The scenery is stunning, but the editing is pretty horrendous, especially early on making the narrative somewhat wonky. The pacing is also a lot slower than it needed to be, with the running time being less than 90 minutes it really ought to have hurried up a bit more. It really amazes me that someone with big-screen directorial experience like Stockwell would come up with something so very direct-to-DVD, and that may be a bit insulting to direct-to-DVD action films if anything. He definitely needs to hire a more competent editor in future.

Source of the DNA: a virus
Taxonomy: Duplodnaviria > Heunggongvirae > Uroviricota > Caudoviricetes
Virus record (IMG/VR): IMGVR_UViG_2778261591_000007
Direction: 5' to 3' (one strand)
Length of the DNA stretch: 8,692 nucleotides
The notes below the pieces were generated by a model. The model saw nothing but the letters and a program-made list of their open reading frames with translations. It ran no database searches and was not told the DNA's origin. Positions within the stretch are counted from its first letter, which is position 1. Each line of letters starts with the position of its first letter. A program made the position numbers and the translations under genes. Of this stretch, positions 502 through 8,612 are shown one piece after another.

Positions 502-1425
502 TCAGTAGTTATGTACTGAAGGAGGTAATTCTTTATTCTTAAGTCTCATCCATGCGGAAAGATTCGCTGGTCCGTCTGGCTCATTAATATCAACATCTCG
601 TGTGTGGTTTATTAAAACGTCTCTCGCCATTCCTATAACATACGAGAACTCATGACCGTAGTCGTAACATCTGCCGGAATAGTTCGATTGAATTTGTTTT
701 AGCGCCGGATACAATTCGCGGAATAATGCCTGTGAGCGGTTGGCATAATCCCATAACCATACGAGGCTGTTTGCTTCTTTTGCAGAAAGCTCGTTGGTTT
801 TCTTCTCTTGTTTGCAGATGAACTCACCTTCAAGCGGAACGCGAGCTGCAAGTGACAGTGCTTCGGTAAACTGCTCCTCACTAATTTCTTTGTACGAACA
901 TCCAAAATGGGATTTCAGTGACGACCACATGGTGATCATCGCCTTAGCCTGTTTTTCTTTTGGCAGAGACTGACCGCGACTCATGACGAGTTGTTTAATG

It’s a shame they didn’t get Scott Adkins for the lead role because Alain Moussi simply doesn’t cut it in the acting or charisma department (Apparently Adkins was offered and rightly declined the role of the brother, which I think is a pretty insulting offer). A real-life kickboxer, he can certainly spin-kick like a motherfucker, but Moussi is nowhere near a thespian. He’s dull, which is a real shame given it’s his shoulders the film must be carried on. Even worse is Sara Malakul Lane as his leading lady. The Guam-born English/Thai actress and model is truly awful. This was the late Darren Shahlavi’s final film if I’m not mistaken, and sadly he looks rather unwell and isn’t at his best. Gina Carano is getting better as an actress, but not enough for her to work in such a role as she has here, unfortunately. Fellow fighter Georges St. Pierre probably won’t have the most fruitful acting career on evidence here, he’s decidedly amateurish and his character incredibly irritating.